I really liked the flashback portions of If I Was Your Girl. Yes, those are the uncomfortable parts in which the reader learns about the severity of Amanda’s mental illness and her past hospitalization, BUT those are the parts that are the most important. Young adults need to know that they can speak up about mental health issues and not be ashamed to seek help, and books are a great way to teach this to them. I truly wish every high school student could read this book because it has such an important message.

If I Was Your Girl has officially made it to my list of “must reads” for young adults. I’m going to recommend this book to every library I know because it’s just that crucial to spread awareness about mental health and LGBTQ issues to young people (and older people too!). Please, take the time to read this book.

(Sidenote: I read this book as a prompt for a diversity reading challenge on Instagram. You can check out what others are reading for this challenge in the tag #diversitydecbingo. My username is @hedgehogbooks if you want to keep up with my reading list!)

Review: The Long Way to a Small, Angry Planet

The Long Way to a Small, Angry Planet by Becky Chambers

51zzix78yrl5/5 stars

Rosemary must escape her human life on Mars, for reasons she keeps to herself, and discovers that working on a traveling spaceship is the perfect opportunity to get away. She finds herself aboard The Wayfarer, a multi-species ship with a human captain. The Wayfarer’s crew is trained in tunneling wormholes through the fabric of space and welcomes Rosemary with open arms. They embark on a journey to a small planet in need of a wormhole and, thus, the adventures begin.

I didn’t realize I needed this book until I was 25 pages into it. I’m so glad The Long Way to a Small, Angry Planet found its way to me.

To begin with, this is the best science fiction book I’ve read all year (and I read A LOT of science fiction). If you’re a fan of Star Wars or Star Trek, I’m positive that you’ll fall in love with this book just as I did. Becky Chambers truly does the genre justice; she lays out a universe in which humans travel through space alongside other species from neighboring planets. What more could you want?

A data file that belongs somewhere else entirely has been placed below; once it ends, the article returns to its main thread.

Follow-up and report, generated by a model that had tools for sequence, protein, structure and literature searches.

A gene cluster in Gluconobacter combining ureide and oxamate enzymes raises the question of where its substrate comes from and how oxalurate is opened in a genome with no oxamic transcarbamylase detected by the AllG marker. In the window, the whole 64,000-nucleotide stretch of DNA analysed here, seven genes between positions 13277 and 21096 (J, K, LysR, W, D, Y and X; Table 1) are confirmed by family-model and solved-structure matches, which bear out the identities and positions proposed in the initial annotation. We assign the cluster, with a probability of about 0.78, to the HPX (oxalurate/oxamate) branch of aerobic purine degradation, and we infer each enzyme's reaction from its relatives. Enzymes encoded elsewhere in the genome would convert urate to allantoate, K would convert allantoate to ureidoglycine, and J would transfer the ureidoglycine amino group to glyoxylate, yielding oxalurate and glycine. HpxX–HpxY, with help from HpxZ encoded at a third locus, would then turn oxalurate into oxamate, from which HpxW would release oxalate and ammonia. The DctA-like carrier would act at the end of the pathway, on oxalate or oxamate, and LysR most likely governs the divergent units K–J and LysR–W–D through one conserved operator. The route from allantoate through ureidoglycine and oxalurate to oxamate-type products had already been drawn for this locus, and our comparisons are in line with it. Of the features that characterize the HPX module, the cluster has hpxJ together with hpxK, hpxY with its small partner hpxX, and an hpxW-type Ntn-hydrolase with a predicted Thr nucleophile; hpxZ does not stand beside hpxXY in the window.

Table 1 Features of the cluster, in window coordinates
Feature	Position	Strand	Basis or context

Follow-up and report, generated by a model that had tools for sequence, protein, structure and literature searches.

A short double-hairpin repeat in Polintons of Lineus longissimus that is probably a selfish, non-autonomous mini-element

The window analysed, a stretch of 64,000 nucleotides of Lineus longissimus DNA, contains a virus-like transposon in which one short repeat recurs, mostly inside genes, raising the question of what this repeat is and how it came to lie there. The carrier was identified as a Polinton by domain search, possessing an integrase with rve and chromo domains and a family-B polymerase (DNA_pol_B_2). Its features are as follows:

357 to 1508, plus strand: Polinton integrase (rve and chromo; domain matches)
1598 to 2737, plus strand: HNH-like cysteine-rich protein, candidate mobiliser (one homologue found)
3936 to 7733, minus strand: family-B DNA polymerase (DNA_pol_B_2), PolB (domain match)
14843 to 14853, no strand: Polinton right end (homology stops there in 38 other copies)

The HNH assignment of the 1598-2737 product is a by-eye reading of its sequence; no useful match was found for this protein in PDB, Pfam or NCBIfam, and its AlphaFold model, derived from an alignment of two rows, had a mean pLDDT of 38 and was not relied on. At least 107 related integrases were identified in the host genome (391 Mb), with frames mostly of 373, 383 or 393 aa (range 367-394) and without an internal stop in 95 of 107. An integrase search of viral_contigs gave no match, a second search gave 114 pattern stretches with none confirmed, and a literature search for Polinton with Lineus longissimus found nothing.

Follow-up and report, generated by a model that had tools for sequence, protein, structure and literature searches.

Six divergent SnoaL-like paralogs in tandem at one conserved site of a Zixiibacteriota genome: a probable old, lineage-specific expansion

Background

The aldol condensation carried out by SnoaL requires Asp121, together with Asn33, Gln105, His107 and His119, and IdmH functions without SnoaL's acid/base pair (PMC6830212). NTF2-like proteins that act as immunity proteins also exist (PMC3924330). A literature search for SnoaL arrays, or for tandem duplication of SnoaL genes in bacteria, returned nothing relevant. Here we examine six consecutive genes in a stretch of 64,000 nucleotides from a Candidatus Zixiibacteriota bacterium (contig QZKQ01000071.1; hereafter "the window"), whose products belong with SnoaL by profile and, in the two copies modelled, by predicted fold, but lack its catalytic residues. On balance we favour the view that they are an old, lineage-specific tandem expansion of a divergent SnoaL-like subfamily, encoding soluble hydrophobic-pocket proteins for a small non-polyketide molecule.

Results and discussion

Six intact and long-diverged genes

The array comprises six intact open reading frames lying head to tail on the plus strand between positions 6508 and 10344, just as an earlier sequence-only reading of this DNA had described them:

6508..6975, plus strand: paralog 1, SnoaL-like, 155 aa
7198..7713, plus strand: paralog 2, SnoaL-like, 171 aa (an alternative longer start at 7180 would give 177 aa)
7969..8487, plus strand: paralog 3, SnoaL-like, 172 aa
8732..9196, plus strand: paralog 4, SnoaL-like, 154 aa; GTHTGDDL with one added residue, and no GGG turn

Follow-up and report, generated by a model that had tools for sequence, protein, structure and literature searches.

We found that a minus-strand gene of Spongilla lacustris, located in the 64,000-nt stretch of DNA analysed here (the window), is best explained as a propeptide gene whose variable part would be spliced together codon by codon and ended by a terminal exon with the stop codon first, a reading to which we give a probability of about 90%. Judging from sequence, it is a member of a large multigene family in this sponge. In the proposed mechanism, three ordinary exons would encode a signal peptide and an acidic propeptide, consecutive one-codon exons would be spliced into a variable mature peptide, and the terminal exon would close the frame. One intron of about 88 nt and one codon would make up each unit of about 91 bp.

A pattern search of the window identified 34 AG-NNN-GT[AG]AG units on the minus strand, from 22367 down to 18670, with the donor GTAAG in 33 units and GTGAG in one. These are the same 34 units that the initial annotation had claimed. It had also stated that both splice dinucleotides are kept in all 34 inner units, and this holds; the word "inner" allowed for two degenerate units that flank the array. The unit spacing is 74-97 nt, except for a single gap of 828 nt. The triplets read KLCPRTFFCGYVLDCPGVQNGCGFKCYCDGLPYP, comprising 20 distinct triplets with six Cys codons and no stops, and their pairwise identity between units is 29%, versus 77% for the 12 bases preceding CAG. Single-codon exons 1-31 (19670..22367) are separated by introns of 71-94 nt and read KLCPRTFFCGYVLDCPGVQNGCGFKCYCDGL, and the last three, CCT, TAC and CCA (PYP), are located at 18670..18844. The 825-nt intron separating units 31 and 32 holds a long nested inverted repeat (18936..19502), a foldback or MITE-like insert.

To answer my own question, what I want to see in science fiction books is not only different species getting along, but different species setting up a dialogue for ideas that reflect on humanity today. Becky Chambers did just that. Rosemary and The Wayfarer‘s crew don’t just interact, as that’s the bare minimum for science fiction, they have deep conversations that create an environment for readers to reflect on themselves and their own society. To me, this is true science fiction.

I read an interview with Becky Chambers that included a discussion about her identity and how it affects the way she writes. She talked about being gay and wanting to write a world in which she, as a queer person, would be welcome. This is possibly my favorite thing that an author has ever said. The way Becky Chambers included queer individuals and relationships in The Long Way to a Small, Angry Planet was not just to check the minority box off of her list, like many writers do, it was to include them in fiction because they are normal in real life. If you can’t tell, this book means a lot to me.

I am so blown away with this book and I want to share it with the world. I want to thank Becky Chambers for such an amazing science fiction read that reminded me why I love this genre so much. Please, read this book and put its sequel on your wishlist for next year.

Review- Mischling

Mi41c0ib7y4l-_sy344_bo1204203200_schling by Affinity Konar

5/5 stars

We don’t always know ourselves, who we can become, what we may do, after evil has done what it likes with us.”

Pearl and Stasha are twins, connected by their minds and able to feel each other’s emotions. They are very similar, but Stasha constantly wishes that she was Pearl. She tries her best to be exactly like her sister in hopes that, one day, maybe she will just become Pearl herself. They both realize that one twin wouldn’t be herself without the other. Pearl and Stasha are taken away to Auschwitz and separated from their mother and grandfather. They are placed in special bunks filled with other pairs of twins and ‘anomalies’. The girls become part of an evil doctor’s experiment, one that tests their ability to stay connected even when they’re far apart. How much can one twin be altered in order for her to stay identical to her sister?